The CAFile is also commented out as it is optional. I will explain how to set up Certificate Authority trust at the end of this post.

As always, you must restart MongoDB before config file changes will take effect:

sudo service mongod restart

DID YOUR SERVER FAIL TO START? You are on your own, but there is probably an issue with your certificate files. You can check start-up errors by running mongod manually:

sudo mongod --config /etc/mongod.conf

Step 4: Test your server settings

Before we go messing with Node configurations, let's make sure that your server setup is working properly by connecting with the mongo command line client:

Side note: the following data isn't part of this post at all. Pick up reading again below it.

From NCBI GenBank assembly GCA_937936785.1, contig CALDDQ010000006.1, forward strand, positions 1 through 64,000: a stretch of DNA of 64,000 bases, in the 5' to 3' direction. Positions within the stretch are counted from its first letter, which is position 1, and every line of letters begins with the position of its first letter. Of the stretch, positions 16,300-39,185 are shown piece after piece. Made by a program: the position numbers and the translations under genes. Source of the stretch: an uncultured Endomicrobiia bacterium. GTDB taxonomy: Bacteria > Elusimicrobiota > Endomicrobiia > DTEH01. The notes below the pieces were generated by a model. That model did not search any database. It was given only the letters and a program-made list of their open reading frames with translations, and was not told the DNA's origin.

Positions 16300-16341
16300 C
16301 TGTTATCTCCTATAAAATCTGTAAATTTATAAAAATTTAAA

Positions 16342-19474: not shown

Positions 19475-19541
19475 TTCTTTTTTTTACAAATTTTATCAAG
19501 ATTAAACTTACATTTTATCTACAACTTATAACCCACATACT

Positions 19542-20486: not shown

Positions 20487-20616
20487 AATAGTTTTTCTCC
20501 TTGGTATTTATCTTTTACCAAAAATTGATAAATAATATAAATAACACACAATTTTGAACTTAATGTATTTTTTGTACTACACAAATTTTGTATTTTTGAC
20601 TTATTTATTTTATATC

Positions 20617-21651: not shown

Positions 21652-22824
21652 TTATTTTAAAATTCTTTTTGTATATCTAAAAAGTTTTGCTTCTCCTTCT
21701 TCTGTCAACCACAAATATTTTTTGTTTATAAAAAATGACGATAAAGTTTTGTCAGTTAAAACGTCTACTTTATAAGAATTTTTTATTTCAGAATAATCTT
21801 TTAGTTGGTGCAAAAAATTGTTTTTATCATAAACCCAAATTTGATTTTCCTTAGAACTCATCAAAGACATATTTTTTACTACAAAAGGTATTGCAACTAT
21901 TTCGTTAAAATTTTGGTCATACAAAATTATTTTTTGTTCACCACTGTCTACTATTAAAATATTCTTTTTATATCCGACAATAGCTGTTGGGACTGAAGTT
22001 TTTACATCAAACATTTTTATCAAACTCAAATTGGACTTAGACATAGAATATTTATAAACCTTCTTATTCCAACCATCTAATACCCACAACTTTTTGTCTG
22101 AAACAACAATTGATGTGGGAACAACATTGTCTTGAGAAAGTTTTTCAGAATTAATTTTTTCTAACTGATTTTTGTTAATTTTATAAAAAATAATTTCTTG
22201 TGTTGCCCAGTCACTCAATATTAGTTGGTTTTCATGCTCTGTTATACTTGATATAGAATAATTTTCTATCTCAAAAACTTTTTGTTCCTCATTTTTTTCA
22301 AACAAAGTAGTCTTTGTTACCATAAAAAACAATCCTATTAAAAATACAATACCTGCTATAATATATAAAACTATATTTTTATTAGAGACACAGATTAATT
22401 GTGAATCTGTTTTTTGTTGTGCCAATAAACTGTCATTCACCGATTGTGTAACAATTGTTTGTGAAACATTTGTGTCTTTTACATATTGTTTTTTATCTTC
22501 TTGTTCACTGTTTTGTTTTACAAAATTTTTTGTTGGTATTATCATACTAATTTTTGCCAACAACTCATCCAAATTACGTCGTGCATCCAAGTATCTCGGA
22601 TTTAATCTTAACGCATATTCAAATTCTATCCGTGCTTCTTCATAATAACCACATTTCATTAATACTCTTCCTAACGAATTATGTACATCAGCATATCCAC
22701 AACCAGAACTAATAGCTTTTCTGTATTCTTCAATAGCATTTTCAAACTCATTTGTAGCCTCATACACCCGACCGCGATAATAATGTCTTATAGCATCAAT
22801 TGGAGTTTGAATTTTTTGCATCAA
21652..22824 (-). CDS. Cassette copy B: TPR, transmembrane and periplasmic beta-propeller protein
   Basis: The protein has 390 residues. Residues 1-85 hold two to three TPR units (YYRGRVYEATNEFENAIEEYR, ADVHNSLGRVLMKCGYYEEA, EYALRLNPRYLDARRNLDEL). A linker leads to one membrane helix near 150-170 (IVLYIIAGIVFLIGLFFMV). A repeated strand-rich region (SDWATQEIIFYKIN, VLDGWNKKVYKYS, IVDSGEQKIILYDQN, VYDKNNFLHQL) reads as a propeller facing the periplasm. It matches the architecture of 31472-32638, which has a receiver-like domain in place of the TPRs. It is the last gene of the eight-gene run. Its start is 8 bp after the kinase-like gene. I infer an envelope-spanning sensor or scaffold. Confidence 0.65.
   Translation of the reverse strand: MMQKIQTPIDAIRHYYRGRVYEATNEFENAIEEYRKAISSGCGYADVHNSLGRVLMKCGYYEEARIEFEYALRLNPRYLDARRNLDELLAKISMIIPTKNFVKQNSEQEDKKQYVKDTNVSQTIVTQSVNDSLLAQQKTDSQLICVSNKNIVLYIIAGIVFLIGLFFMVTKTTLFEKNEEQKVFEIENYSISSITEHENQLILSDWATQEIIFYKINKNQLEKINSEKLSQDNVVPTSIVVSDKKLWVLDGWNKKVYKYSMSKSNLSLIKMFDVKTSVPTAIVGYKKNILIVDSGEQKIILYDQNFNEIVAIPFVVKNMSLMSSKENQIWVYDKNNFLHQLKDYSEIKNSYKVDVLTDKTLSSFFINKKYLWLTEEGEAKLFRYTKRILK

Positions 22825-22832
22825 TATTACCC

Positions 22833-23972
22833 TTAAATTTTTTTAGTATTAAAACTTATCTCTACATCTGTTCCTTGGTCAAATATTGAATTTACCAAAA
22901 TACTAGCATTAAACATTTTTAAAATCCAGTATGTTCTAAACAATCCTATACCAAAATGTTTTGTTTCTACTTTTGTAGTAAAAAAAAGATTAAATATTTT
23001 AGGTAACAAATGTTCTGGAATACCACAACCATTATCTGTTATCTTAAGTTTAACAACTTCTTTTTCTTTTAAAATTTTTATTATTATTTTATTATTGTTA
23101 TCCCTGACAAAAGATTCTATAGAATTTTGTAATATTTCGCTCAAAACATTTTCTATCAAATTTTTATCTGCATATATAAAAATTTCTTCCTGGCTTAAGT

mongo --ssl --sslAllowInvalidHostnames --sslAllowInvalidCertificates

Unless the domain name on your certificate is 127.0.0.1 or localhost, the --sslAllowInvalidHostnames flag is necessary. Without it, you will probably get this error:

E NETWORK  The server certificate does not match the host name 127.0.0.1
E QUERY    Error: socket exception [CONNECT_ERROR] for 
    at connect (src/mongo/shell/mongo.js:179:14)
    at (connect):1:6 at src/mongo/shell/mongo.js:179
exception: connect failed

Step 5: Configure Node.JS / Mongoose

If you are using the node-mongodb-native package in your Node application, stop immediately and start using Mongoose. It's not that hard. That said, mongoose.connect() has virtually the same API as mongodb.connect(), so substitute appropriately.